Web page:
[Michael Lawrence 3:45pm Friday late afternoon 9/14/07]
Part II: How We Go About Choosing Elders
1 Timothy 3:1:
“The saying is trustworthy: If anyone aspires to the office of overseer, he desires a noble task.”
How they determine elders of CHBC: Wisdom and prudence is what they must follow in this process. This is their process to bring people into this position. There needs to be an internal sense of calling. They have to have the desire to be there. They serve there because they must, because they sense they have to do it. A sense is not necessarily correct though...that’s where the biblical qualifications come into play...also the local church’s external call.
An elder is a man who is living out the Christian life in a way that is exemplary and who is also able to teach others how to live that way. They look for these qualities in men who are not waiting around to be recognized. These men are already busy eldering the congregation. They are not waiting for the title of elder in order to do the work. They recognize that this is the best way forward because this is something that the church has to recognize. If a congregation can’t see a man’s giftedness in this way he probably isn’t an elder because the congregation has to be able to recognize him.
This is the process…namely, to look for men who are already eldering. The elders raise the potential elders’ names in elder meetings when guests are no longer around (the guests are usually potential pastors, visiting pastors, and non-elder staff members). This process can go on for a long time. The name of a potential elder may appear in an elder discussion and then be voted into the office of elder anywhere from 6 months to years later.
They look for complete unanimity on this point. Elders can disagree on points, but not on whether or not someone is eligible to be an elder. In order to maintain mutual respect on the elder board each person needs to be able to affirm their meeting the qualifications of an elder. Some elders test the candidates on doctrinal points, others on matters of the family. Then they come together to see if they agree on giftedness. They will then deliberate and determine whether or not to meet with the candidate again, or they will move forward with him to sit in on a meeting…given a voice, but no vote. This helps the elders see if the candidate can put his shoulder to the wheel with them, yet submit to other brothers around the table. Does the brother handle disagreement, or rebuke with defensiveness? This might show immaturity and that he may not be equipped to be an elder yet. They will then stop and work with him on that particular fruit of the Spirit (patience, slow to anger). There are many steps and at every step CHBC elders require unanimity.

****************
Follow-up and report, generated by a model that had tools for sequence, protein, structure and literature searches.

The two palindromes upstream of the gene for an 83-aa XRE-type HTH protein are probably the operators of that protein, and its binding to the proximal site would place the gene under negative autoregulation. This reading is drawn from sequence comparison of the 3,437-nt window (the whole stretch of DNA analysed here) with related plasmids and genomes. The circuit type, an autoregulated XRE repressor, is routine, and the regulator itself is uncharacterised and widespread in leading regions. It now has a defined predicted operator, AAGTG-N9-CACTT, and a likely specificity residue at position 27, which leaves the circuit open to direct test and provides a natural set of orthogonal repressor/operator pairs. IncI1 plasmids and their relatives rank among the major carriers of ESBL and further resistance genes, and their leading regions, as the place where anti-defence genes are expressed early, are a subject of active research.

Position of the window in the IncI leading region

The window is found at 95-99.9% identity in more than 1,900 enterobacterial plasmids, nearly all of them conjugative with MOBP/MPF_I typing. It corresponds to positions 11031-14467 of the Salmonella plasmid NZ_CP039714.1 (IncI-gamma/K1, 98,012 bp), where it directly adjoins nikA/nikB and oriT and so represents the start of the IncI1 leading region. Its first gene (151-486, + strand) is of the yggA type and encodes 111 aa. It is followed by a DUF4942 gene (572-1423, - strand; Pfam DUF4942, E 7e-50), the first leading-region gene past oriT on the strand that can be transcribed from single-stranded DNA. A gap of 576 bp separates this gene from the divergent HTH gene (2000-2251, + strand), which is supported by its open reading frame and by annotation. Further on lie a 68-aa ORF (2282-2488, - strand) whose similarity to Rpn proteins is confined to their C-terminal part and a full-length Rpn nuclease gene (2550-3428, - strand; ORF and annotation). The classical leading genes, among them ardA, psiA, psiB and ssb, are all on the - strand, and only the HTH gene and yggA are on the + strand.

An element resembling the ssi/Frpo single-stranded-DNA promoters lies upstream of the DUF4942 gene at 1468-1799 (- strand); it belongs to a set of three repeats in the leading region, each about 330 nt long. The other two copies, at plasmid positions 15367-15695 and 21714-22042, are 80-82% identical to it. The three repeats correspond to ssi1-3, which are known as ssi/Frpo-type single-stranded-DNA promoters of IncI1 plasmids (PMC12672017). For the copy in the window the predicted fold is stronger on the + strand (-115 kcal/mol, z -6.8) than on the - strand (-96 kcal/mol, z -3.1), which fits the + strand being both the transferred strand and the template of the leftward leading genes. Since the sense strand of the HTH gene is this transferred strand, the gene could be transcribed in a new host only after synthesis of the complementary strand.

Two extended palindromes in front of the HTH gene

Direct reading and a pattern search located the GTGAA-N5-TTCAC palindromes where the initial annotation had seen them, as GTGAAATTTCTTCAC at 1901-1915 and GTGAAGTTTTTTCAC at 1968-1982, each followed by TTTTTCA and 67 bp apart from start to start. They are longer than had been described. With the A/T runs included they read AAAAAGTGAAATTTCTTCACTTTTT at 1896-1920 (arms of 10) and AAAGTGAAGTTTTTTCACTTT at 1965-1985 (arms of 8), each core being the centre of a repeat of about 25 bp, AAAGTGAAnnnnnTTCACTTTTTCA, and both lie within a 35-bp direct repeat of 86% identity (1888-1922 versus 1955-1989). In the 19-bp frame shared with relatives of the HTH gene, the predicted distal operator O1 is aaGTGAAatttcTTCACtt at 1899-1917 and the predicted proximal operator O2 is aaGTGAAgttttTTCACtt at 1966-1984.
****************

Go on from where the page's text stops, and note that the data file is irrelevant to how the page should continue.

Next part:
When the elders are unanimous they put the candidate before the congregation for 2 months prior to a congregational vote. This gives the congregation the opportunity to think about the candidate and bring up concerns so that they can deal with the reasons why people would vote no against them prior to the congregational vote. Also, the congregation might know something the elders don’t know.
The term of elders at CHBC is for 3 yrs, then if they are voted again to a second consecutive term they can serve another 3 years. After that time they are then forced onto at least a 1 year sabbatical. Then they may start the process all over again.
There are a few grounds that they make sure a candidate is clear on.
(1) The authority and sufficiency of Scripture. They don’t just want their elders to be an inerrantist, but also that they believe the Bible is sufficient to order the life of the church from polity to relationships.
(2) God’s sovereignty, exclusivity of Christ, and penal substitutionary atonement.
(3) An agreement on baptism, congregationalism, and polity.
(4) They also look to see that the candidate displays certain cultural distinctives (this may be different in different churches); however, CHBC is in middle of liberal larger culture (of Washington DC). They look for men who are very clear on complimentarianism in home and church, and know how to think talk and minister to people struggling with homosexuality. Capitol Hill is home to the largest community of middle to upper class homosexual couples in the United States. There can be a few things in the wider culture in which a church exists that could require a church to look at different ways a potential elder thinks about a bunch of issues.
Mainly they are looking for men who love this congregation. Men who are here more than they have to be. Serving in obvious and not so obvious ways.